The contrast between the equitable-growth years before the 1970s and the poor economic performance since should alone recommend a return to the Wagner Act and the New Deal regulations. Others would support the NLRB from an appreciation of the responsibilities of good governance. For decades, Republicans and Democrats opposed to unions and the New Deal accepted a responsibility to enforce the Wagner Act and to sustain the National Labor Relations Board as the legitimate agency charged with policing labor relations in the United States.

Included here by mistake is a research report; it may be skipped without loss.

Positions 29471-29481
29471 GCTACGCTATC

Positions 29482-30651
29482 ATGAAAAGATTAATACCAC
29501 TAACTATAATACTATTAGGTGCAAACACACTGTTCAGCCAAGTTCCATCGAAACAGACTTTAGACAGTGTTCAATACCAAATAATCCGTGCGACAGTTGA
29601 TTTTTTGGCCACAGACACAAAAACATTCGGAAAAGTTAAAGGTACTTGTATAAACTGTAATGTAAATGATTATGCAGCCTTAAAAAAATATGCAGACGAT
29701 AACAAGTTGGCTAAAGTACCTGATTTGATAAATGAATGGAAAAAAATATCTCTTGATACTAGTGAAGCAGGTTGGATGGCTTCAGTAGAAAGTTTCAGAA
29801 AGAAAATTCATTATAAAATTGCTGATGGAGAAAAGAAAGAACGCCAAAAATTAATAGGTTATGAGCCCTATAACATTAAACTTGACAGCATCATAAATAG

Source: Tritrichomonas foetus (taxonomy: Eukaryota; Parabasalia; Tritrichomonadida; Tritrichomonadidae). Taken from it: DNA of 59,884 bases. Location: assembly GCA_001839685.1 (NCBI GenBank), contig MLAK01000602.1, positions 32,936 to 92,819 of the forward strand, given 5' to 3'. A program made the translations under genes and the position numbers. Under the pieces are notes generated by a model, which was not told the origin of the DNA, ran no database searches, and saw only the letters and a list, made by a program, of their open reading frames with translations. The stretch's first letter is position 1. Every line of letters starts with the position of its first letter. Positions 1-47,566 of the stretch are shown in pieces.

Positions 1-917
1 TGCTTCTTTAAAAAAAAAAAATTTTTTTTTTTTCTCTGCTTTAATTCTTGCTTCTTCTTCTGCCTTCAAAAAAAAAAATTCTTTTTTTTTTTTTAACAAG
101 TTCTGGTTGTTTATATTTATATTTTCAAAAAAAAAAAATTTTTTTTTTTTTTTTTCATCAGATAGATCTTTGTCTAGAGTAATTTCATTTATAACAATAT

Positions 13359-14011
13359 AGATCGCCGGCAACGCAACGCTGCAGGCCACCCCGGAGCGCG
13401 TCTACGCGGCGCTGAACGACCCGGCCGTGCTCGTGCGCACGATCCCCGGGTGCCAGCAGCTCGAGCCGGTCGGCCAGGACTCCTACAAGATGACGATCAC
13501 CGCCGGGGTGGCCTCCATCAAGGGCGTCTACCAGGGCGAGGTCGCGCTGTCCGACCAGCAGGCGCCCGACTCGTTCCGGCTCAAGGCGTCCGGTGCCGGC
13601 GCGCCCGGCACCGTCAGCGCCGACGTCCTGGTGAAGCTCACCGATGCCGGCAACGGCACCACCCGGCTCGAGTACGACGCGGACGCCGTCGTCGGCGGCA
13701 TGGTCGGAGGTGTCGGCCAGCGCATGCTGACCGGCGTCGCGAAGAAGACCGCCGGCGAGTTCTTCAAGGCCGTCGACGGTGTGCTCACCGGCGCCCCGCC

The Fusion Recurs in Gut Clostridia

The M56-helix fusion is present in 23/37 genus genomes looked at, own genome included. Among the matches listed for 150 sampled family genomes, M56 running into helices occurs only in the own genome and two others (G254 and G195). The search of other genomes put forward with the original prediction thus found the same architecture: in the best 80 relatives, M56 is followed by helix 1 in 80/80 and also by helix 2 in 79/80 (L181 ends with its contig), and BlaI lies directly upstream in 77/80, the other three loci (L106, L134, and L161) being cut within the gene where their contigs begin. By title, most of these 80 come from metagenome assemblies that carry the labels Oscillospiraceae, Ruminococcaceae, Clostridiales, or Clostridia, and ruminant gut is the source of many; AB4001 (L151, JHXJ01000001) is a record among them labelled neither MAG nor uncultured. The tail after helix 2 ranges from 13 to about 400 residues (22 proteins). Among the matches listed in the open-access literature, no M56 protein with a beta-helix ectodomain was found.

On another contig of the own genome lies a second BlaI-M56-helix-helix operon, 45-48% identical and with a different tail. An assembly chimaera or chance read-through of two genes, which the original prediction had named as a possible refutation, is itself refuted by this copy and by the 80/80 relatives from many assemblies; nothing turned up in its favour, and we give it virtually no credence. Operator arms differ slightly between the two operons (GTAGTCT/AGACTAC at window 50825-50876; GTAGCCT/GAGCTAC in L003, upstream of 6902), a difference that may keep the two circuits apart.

Today a small minority of senators are abusing parliamentary procedures to block the appointment of members to the National Labor Relations Board. By undermining the work of the board, they are damaging the American economy, hurting American jobs and undercutting respect for law.
We are close to the 78th anniversary of the signing of the Wagner Act. The Senate should send Obama’s appointments to the board so that it can again do its important work.
Gerald Friedman is a professor of economics at University of Massachusetts at Amherst.
Vice President Joe Biden waits to conduct a mock swearing-in ceremony with Sen. Brian Schatz, D-Hawaii, in the Capitol's Old Senate Chamber, December 2, 2014. Schatz was sworn in to serve the remainder of his term since he was appointed to the seat after Sen. Daniel Inouye, D-Hawaii, passed away.